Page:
Life history parameters
Age at maturity (years): Unknown.
Size at maturity (total length): Female: >245 cm TL (Compagno 2001); Male: Smallest reported mature male: 229 cm TL (Castro in prep).
Longevity (years): Unknown. .
Maximum size (total length): At least 426.7 cm TL (Castro in prep.).
Size at birth: 97 to 120 cm (Compagno 2001).
Average reproductive age (years): Unknown.
Gestation time (months): Unknown.
Reproductive periodicity: Unknown.
Average annual fecundity or litter size: 2 to 8 young in a litter (Castro et al. 1999, Compagno 2001).
Annual rate of population increase: Unknown.
Natural mortality: Unknown.
Isurus paucus is of conservation concern due to its apparent rarity or uncommonness, large maximum size, low fecundity (shown to be 2?8 pups/litter), and bycatch in intensive oceanic fisheries (Compagno 2001), (including retention of fins for the international fin trade (Clarke et al. in press). It is probably taken regularly as bycatch in tropical pelagic longline fisheries for tuna, swordfish and shark and in other oceanic fisheries which operate throughout its range, for example, it is also known to be caught with hook and line and anchored gillnets (Amorim et al. 1998, Compagno 2001).
The Longfin Mako is often caught in the same fishing gear as that of the Shortfin Mako, but in much lower ratios (L.J.V. Compagno, pers. comm.). Baum et al. (2003) reported that Shortfin Makos had declined approximately 40% in the Northwest Atlantic over the past 15 years. A recent ICCAT stock assessment workshop reported that stock depletions for North Atlantic Shortfin Mako are likely to have occurred based on CPUE declines of 50% or more. Model results varied widely suggesting, according to one model, that stock size lies between the carrying capacity and the maximum sustainable yield (MSY) threshold, and in another model, that biomass has declined approximately 50% since 1950s levels. In the South Atlantic the magnitude of decline appears less than in the North Atlantic, and the stock size appears to lie above MSY. However, for both stocks, uncertainties about demographic parameters and catches, and the uninformative nature of available data, indicate that further analysis is necessary. If in fact historical Shortfin Mako catch is higher than the estimates in this report, the likelihood of the stock being below the biomass at MSY will surely increase (ICCAT 2005). Longfin Makos have not been identified correctly in the past and could be a component of these trends. They are less abundant, less fecund and therefore more vulnerable to fisheries than Shortfin Mako and thus may have been similarly depleted by longline fisheries.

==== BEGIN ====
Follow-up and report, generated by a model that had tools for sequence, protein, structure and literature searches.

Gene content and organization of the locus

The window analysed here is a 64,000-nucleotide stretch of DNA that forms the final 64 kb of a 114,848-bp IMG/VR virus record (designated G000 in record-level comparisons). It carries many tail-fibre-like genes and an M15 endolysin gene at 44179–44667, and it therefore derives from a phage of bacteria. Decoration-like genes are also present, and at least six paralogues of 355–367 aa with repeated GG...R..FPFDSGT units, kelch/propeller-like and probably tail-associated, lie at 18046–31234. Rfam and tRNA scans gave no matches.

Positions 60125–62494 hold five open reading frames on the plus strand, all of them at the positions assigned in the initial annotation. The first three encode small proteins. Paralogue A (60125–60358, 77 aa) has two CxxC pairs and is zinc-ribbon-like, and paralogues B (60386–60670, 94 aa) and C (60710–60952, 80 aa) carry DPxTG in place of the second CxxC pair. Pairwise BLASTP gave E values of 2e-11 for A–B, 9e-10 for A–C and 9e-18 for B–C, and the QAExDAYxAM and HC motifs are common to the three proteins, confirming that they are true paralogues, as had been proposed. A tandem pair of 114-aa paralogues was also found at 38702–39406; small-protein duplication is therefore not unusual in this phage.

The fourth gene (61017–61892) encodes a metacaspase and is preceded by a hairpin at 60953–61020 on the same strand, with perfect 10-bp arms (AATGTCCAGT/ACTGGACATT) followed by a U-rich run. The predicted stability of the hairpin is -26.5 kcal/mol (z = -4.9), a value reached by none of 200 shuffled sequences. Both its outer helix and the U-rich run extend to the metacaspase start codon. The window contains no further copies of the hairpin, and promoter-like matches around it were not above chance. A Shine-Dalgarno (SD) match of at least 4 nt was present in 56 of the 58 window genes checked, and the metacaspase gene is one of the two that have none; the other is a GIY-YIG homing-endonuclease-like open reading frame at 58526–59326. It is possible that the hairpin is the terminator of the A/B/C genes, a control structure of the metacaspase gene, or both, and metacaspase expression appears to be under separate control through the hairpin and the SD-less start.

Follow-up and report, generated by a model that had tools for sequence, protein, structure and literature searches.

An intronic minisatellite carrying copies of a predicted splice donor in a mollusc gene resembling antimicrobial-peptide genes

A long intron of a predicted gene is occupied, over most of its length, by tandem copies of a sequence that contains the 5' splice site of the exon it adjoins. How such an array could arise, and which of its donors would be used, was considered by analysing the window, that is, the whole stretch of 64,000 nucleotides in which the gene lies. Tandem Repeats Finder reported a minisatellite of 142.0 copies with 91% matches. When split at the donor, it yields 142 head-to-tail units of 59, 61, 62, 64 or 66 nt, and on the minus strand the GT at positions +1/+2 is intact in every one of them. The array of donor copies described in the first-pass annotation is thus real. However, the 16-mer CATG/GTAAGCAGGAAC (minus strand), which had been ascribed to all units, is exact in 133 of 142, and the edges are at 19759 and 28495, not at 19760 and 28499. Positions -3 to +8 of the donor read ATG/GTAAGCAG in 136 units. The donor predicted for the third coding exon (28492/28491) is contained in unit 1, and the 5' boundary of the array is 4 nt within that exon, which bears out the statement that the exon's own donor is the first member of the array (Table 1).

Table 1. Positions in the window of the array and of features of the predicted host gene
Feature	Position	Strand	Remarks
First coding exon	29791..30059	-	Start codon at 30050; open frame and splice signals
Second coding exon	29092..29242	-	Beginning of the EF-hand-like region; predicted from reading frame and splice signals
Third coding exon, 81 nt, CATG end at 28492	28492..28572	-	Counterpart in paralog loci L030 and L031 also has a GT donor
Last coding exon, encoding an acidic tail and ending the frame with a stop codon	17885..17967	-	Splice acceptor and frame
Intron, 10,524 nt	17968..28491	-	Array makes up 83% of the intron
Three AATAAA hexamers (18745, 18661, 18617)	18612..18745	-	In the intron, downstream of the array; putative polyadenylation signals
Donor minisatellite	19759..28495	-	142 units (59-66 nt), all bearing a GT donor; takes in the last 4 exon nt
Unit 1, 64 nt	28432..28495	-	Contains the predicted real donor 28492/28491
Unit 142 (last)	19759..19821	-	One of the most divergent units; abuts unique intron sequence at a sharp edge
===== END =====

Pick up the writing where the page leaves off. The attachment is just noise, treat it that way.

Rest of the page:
Analysis of longline data from the EEZ of Mexico?s Pacific coast (1986?2001) shows that I. paucus was recorded at a low frequency in the catches (F. Marquez pers. comm.). Similarly, this species is caught in low numbers by longliners in Indonesian waters, and given the high level of exploitation in this area, if Longfin Makos were abundant here, this would likely be reflected in the fisheries catch (W. White pers.comm.). Between 1971?1972 it accounted for about six percent of the total number of sharks caught off the north coast of Cuba (Castro in prep), but was infrequently caught between 1974?1997 by longliners off southern Brazil, with only a few samples taken. Similarly, sampling of Spanish fishing ports showed only 0.1% of makos were I. paucus (Moreno and Morón 1992 reported in Compagno 2001).
For the period of 1989?1994 the US reported catch statistics to FAO ranging from 2?12 t per year, but landings do not accurately reflect the numbers of Longfin Mako that are discarded because of poor markets for the meat (Castro et al. 1999). The meat is of low quality and these animals are often finned and discarded at sea.